Figure Legend Snippet: A flow diagram for an RNA polymerase fidelity assay. Polymerase fidelity was measured based on directly sequencing a large number of RT-PCR clones derived from mRNA transcribed from variant polymerases. A 1.7 kb firefly luciferase DNA template DNA was used with wild-type and variant T7 RNAPs to transcribe full-length mRNA transcripts. RNA was isolated and residual DNA was removed from the RNA samples by nuclease treatment. Samples were reverse-transcribed with Accuprime Reverse Transcriptase (Agilent) using an oligo-(dT) 25 primer annealing to the (A) tail on the luciferase template. The RT reaction was then PCR amplified using PHUSION ® high-fidelity DNA polymerase. Individual clones were picked and sequenced to > 20x coverage depth on the Ion Torrent PGM platform (Thermo Fisher) in multiplex. Reads were mapped against the expected sequenc, and mutations including small insertion, deletions, and single-nucleotide polymorphisms were observed.

    Techniques Used: Sequencing, Reverse Transcription Polymerase Chain Reaction, Clone Assay, Derivative Assay, Variant Assay, Luciferase, Isolation, Polymerase Chain Reaction, Amplification, Multiplex Assay

    12) Product Images from "Fast and Reliable PCR Amplification from Aspergillus fumigatus Spore Suspension Without Traditional DNA Extraction). Fast and reliable PCR amplification from Aspergillus fumigatus spore suspension without traditional DNA extraction"

    Article Title: Fast and Reliable PCR Amplification from Aspergillus fumigatus Spore Suspension Without Traditional DNA Extraction). Fast and reliable PCR amplification from Aspergillus fumigatus spore suspension without traditional DNA extraction

    Journal: Current Protocols in Microbiology

    doi: 10.1002/cpmc.89

    PCR to test the efficiency of polymerases in amplifying PCR products from supernatants from different spore concentrations of the A. fumigatus wild‐type strain with primers ITS1/D2 (expected PCR band sizes is ∼1.2 kb). ( A ) Phusion High‐Fidelity DNA polymerase (New England Biolabs). ( B ) MyTaq RED Mix DNA polymerase (Bioline). P: positive PCR control amplified from genomic DNA (50 ng) of the A. fumigatus wild‐type strain; N: negative control (no DNA).
    Figure Legend Snippet: PCR to test the efficiency of polymerases in amplifying PCR products from supernatants from different spore concentrations of the A. fumigatus wild‐type strain with primers ITS1/D2 (expected PCR band sizes is ∼1.2 kb). ( A ) Phusion High‐Fidelity DNA polymerase (New England Biolabs). ( B ) MyTaq RED Mix DNA polymerase (Bioline). P: positive PCR control amplified from genomic DNA (50 ng) of the A. fumigatus wild‐type strain; N: negative control (no DNA).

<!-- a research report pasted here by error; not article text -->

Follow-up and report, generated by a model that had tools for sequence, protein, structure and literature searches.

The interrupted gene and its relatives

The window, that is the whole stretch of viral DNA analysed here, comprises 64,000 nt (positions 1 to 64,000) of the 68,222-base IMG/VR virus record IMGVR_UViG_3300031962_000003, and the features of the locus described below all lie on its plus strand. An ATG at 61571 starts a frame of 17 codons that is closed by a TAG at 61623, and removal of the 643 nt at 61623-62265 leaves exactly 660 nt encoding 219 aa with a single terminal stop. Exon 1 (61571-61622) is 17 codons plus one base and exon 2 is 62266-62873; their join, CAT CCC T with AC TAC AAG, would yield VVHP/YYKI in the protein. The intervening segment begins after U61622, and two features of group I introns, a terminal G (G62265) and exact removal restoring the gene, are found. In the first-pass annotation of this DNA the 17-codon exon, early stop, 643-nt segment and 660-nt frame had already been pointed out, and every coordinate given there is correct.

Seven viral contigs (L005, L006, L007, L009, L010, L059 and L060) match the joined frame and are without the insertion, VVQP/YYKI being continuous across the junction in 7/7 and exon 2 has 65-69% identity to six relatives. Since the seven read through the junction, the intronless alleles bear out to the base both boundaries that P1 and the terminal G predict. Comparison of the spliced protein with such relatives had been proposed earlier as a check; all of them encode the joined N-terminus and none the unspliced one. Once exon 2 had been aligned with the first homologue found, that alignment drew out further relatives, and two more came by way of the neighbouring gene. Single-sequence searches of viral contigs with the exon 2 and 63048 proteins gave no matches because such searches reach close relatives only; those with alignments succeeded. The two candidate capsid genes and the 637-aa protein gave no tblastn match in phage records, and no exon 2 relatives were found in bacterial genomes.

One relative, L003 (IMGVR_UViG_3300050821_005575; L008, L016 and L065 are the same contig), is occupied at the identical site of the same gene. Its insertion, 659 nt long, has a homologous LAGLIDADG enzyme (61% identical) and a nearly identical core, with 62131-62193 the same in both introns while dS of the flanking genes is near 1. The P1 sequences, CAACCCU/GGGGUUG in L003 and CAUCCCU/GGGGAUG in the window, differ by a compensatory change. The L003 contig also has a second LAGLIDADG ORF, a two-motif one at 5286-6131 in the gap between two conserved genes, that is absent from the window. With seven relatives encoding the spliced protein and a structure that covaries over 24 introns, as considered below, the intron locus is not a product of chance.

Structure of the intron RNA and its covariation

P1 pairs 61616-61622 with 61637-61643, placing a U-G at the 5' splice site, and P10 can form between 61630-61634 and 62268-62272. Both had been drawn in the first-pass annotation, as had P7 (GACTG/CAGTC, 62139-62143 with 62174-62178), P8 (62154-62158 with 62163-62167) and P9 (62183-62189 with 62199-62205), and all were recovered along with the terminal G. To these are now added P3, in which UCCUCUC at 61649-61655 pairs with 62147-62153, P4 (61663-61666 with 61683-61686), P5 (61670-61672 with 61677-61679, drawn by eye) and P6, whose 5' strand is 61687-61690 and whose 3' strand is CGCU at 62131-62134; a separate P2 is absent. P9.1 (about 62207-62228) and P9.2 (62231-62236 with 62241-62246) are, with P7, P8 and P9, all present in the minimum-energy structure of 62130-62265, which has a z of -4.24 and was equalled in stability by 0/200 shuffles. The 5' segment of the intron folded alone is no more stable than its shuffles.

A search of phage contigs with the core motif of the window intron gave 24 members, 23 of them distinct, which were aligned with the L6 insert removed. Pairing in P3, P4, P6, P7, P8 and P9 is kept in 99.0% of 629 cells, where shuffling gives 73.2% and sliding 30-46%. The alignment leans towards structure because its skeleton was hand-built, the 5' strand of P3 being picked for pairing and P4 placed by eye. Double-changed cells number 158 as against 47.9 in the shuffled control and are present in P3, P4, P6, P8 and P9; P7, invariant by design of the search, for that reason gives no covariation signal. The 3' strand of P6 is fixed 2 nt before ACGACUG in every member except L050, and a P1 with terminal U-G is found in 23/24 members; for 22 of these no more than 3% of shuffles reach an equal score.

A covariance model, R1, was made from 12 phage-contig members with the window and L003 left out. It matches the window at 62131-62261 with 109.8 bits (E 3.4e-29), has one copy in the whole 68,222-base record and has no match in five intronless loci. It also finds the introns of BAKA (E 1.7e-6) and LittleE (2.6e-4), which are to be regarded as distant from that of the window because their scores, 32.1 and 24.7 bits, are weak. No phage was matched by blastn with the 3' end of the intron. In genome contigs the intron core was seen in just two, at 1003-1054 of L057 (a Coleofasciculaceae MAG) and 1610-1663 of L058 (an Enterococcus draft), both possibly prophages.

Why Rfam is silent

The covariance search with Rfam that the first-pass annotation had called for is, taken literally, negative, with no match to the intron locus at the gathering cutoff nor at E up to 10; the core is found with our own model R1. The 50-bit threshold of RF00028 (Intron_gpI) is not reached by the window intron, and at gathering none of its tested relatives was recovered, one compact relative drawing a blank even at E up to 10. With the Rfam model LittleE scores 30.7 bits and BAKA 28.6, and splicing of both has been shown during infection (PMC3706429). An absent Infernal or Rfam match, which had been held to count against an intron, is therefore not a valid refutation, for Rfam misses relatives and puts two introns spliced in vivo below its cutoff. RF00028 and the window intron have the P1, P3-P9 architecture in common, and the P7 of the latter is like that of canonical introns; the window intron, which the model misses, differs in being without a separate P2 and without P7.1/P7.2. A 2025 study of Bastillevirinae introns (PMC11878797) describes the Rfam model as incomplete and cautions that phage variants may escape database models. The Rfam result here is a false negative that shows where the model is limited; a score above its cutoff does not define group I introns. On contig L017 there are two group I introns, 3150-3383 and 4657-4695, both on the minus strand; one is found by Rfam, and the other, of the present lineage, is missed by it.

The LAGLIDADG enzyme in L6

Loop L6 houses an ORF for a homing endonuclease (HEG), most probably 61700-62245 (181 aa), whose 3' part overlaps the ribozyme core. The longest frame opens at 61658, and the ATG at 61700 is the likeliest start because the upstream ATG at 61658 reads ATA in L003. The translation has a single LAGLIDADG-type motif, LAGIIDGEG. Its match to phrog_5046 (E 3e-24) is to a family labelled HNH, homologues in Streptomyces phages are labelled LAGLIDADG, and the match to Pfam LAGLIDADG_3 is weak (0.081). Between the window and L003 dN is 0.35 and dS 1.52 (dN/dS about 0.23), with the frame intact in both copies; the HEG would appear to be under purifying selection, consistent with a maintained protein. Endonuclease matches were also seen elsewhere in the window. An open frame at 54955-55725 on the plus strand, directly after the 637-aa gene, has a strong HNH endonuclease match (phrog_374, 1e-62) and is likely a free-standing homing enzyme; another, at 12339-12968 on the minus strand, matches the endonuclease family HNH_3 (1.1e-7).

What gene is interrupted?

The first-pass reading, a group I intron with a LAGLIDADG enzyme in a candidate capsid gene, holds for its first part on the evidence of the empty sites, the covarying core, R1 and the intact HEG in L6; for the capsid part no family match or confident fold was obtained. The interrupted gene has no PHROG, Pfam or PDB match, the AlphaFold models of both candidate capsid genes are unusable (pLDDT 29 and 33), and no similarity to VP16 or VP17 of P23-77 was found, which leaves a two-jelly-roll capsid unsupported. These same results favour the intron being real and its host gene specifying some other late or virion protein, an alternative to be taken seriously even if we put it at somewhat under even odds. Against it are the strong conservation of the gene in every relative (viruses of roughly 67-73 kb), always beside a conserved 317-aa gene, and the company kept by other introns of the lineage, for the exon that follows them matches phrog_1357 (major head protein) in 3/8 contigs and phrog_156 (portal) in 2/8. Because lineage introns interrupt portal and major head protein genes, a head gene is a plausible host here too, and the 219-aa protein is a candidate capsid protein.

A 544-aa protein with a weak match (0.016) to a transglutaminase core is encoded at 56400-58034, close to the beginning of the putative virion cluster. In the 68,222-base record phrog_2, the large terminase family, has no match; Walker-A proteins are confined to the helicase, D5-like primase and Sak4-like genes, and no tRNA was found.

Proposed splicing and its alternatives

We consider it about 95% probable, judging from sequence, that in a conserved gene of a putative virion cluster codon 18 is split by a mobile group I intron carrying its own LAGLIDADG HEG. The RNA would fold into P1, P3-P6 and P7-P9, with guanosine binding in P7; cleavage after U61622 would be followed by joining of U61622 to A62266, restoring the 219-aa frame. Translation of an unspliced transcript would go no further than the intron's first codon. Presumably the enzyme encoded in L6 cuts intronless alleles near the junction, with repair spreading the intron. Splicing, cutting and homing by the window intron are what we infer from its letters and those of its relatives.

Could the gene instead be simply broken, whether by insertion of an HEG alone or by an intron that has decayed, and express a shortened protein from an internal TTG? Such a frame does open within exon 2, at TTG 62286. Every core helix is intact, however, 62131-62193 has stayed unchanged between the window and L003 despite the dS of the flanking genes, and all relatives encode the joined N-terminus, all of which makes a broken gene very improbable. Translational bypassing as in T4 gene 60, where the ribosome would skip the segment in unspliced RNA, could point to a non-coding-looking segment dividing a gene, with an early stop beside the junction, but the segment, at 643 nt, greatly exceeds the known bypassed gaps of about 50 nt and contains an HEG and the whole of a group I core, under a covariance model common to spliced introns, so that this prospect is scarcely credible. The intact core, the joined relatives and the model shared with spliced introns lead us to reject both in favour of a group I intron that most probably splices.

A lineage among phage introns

Techniques Used: Polymerase Chain Reaction, Amplification, Negative Control

    13) Product Images from "Self Assembled Recombinant Proteins on Metallic Nanoparticles As Bimodal Imaging Probes"

    Article Title: Self Assembled Recombinant Proteins on Metallic Nanoparticles As Bimodal Imaging Probes

    Journal: JOM (Warrendale, Pa. : 1989)

    doi: 10.1007/s11837-018-03325-3

    Schematic representation of MBP-GFP-AuBP encoding genetic construct and DNA fragments amplified with Phusion High-fidelity DNA polymerase (NEB). Lane 1: O’RangeRuler 50 bp DNA Ladder (Thermo Scientific), lane 2: Negative control, lane 3: GFP-AuBP and GFP encoding DNA fragment.
    Figure Legend Snippet: Schematic representation of MBP-GFP-AuBP encoding genetic construct and DNA fragments amplified with Phusion High-fidelity DNA polymerase (NEB). Lane 1: O’RangeRuler 50 bp DNA Ladder (Thermo Scientific), lane 2: Negative control, lane 3: GFP-AuBP and GFP encoding DNA fragment.

    Techniques Used: Construct, Amplification, Negative Control

    14) Product Images from "Quantification of synthetic errors during chemical synthesis of DNA and its suppression by non-canonical nucleosides"

    Article Title: Quantification of synthetic errors during chemical synthesis of DNA and its suppression by non-canonical nucleosides

    Journal: Scientific Reports

    doi: 10.1038/s41598-022-16222-2

    Comparison of error rates derived from assembling reactions using different polymerases. The synthesized oligonucleotide in the same batch was split into three samples and prepared NGS library by using Q5 High-Fidelity DNA polymerase (Q5), Phusion High-Fidelity DNA polymerase (Phusion), or Takara Ex Taq (Ex). ( a ) Q5 vs Phusion. ( b ) Q5 vs Ex.
    Figure Legend Snippet: Comparison of error rates derived from assembling reactions using different polymerases. The synthesized oligonucleotide in the same batch was split into three samples and prepared NGS library by using Q5 High-Fidelity DNA polymerase (Q5), Phusion High-Fidelity DNA polymerase (Phusion), or Takara Ex Taq (Ex). ( a ) Q5 vs Phusion. ( b ) Q5 vs Ex.